Hey there friends! I am excited to finally share the story and some photos of how I rescued a free vintage fountain and gave it a little refresh.
I rescued this sweet little garden fountain just a few days before my neighbor was hauling it off to the landfill.
As you know, my husband and I have spent the summer on new backyard cottage garden. We were wanting some of the very old rocks from the forest and hills around our neighborhood that were used to build rock walls along our street over 100 years ago. Our neighbor was tearing down his old deck and doing some major excavating on his hillside, which uncovered some of those amazing rocks we were hoping for. I mentioned to our neighbor that we were wanting quite a few, and he kindly invited us over to his house to pick out as many rocks as we needed since he just wanted to get them out of his way.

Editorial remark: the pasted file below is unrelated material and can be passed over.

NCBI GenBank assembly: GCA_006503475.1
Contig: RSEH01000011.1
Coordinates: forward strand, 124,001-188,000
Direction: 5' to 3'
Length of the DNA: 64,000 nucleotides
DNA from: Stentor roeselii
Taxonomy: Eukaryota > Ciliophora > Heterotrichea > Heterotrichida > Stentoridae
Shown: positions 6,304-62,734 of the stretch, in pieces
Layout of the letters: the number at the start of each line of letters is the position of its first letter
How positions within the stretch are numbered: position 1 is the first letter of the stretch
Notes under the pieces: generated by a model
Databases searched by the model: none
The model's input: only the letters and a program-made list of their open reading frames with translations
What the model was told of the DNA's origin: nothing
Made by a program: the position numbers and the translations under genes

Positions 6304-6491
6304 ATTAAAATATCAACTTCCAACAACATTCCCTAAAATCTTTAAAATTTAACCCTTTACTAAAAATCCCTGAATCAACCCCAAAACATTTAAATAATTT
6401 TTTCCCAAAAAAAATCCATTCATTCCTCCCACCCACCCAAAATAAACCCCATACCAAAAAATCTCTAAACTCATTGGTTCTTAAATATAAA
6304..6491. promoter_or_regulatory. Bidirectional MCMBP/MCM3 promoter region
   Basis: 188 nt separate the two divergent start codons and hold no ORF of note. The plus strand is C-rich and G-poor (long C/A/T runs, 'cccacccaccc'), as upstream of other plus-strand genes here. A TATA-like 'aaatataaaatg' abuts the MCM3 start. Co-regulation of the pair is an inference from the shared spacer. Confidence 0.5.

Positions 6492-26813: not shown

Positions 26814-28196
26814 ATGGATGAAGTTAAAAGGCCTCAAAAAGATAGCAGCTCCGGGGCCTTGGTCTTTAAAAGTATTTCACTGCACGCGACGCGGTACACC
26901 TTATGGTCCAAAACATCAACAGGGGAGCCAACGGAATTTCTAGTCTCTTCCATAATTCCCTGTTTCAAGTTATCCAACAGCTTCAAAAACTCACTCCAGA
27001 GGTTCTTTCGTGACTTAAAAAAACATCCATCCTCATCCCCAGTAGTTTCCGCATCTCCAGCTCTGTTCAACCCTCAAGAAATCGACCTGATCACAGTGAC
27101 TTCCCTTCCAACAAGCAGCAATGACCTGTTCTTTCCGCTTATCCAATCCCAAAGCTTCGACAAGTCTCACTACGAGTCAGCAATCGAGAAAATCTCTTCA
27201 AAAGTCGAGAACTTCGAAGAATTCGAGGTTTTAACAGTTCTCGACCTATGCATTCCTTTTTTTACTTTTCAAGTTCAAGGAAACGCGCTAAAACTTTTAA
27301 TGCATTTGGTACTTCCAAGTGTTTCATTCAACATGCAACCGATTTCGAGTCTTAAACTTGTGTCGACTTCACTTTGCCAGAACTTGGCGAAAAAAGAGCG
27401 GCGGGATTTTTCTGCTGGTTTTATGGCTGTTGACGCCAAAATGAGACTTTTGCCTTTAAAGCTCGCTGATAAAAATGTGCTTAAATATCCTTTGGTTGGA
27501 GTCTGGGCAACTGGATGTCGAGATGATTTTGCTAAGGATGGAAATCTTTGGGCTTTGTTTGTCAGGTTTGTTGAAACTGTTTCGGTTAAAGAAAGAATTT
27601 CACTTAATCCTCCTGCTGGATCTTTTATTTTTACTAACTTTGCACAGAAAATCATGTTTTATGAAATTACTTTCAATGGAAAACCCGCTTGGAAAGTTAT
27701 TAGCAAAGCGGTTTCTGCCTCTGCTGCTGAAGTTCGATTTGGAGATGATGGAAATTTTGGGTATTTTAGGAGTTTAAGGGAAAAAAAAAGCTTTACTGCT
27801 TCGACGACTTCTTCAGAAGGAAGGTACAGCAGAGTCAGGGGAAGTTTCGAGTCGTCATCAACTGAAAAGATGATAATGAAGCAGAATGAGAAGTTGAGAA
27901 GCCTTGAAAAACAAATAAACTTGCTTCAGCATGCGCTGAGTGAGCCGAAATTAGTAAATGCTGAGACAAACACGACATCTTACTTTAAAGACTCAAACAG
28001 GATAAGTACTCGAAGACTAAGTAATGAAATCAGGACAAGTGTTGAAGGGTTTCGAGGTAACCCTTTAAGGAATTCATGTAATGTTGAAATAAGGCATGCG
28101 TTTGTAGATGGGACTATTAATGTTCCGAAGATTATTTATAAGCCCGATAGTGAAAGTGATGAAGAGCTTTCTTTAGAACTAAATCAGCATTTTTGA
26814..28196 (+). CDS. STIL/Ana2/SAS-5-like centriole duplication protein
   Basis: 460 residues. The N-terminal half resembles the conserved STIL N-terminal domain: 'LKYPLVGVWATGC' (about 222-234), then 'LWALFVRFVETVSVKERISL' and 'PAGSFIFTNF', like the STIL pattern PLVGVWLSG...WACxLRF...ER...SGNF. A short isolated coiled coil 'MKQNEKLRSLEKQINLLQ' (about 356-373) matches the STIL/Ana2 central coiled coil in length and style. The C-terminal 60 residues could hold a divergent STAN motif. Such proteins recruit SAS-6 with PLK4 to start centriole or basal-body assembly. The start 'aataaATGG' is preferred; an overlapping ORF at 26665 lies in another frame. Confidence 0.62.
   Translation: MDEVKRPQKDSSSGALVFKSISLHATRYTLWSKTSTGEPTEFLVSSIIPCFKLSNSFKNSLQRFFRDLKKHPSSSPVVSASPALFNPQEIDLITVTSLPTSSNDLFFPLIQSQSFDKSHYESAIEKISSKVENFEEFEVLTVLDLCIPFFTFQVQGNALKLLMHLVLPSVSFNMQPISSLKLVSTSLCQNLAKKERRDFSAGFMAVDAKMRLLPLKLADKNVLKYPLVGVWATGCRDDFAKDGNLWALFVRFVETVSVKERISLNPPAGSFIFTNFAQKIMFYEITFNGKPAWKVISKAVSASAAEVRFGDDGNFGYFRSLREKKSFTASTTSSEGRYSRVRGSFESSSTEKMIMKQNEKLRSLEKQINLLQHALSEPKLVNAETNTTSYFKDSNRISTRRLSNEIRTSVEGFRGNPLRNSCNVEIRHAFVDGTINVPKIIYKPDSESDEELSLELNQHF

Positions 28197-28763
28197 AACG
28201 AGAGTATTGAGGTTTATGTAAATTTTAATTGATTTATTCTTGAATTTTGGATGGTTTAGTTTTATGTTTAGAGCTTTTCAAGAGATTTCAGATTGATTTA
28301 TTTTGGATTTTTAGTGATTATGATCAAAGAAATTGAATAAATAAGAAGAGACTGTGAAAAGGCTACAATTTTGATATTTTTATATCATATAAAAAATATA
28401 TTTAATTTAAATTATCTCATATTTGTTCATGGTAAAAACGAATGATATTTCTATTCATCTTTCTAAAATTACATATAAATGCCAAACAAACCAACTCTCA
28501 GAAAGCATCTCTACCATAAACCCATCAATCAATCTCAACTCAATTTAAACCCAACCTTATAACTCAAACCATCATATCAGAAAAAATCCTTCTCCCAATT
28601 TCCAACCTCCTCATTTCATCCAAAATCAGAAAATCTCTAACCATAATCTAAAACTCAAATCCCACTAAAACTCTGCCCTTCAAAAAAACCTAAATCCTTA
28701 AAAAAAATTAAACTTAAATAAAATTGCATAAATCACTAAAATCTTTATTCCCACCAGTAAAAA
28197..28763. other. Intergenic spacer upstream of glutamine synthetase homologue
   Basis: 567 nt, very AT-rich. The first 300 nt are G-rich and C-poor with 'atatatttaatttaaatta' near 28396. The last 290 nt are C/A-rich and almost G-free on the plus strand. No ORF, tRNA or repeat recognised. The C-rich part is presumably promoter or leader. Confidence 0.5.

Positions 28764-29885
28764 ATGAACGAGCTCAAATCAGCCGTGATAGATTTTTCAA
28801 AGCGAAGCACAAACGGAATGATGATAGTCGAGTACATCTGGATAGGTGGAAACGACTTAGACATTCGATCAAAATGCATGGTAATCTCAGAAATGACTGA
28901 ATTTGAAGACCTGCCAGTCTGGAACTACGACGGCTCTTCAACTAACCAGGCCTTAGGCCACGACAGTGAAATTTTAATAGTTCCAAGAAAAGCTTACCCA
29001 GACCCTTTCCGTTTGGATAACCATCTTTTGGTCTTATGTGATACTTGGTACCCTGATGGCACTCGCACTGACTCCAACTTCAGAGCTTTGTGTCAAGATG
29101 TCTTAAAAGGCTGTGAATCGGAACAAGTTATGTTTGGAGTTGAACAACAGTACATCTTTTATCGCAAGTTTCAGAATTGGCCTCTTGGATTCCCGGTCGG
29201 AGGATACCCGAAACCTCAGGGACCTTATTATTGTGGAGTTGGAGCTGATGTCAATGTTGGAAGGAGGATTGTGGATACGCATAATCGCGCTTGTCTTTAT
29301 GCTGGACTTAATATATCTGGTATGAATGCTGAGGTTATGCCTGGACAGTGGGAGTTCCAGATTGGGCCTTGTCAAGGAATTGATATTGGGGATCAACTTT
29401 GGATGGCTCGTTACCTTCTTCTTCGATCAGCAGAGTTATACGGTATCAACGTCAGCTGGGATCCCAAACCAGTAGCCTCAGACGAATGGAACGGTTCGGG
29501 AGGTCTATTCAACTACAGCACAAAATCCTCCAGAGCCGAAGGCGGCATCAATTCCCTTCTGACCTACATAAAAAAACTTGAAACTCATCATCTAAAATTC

We ended up getting plenty of rocks to build a garden path in the backyard and 5 vintage concrete planters for FUHH-REE-HEE!!! While I was snoopipng around the junk pile I spotted what I thought was simply a vintage garden statue of a little girl and boy with an umbrella.
Our neighbor said he was throwing out the girl and boy because it was part of a fountain that was broken. Of course I had no shame in asking if I could give them a good home!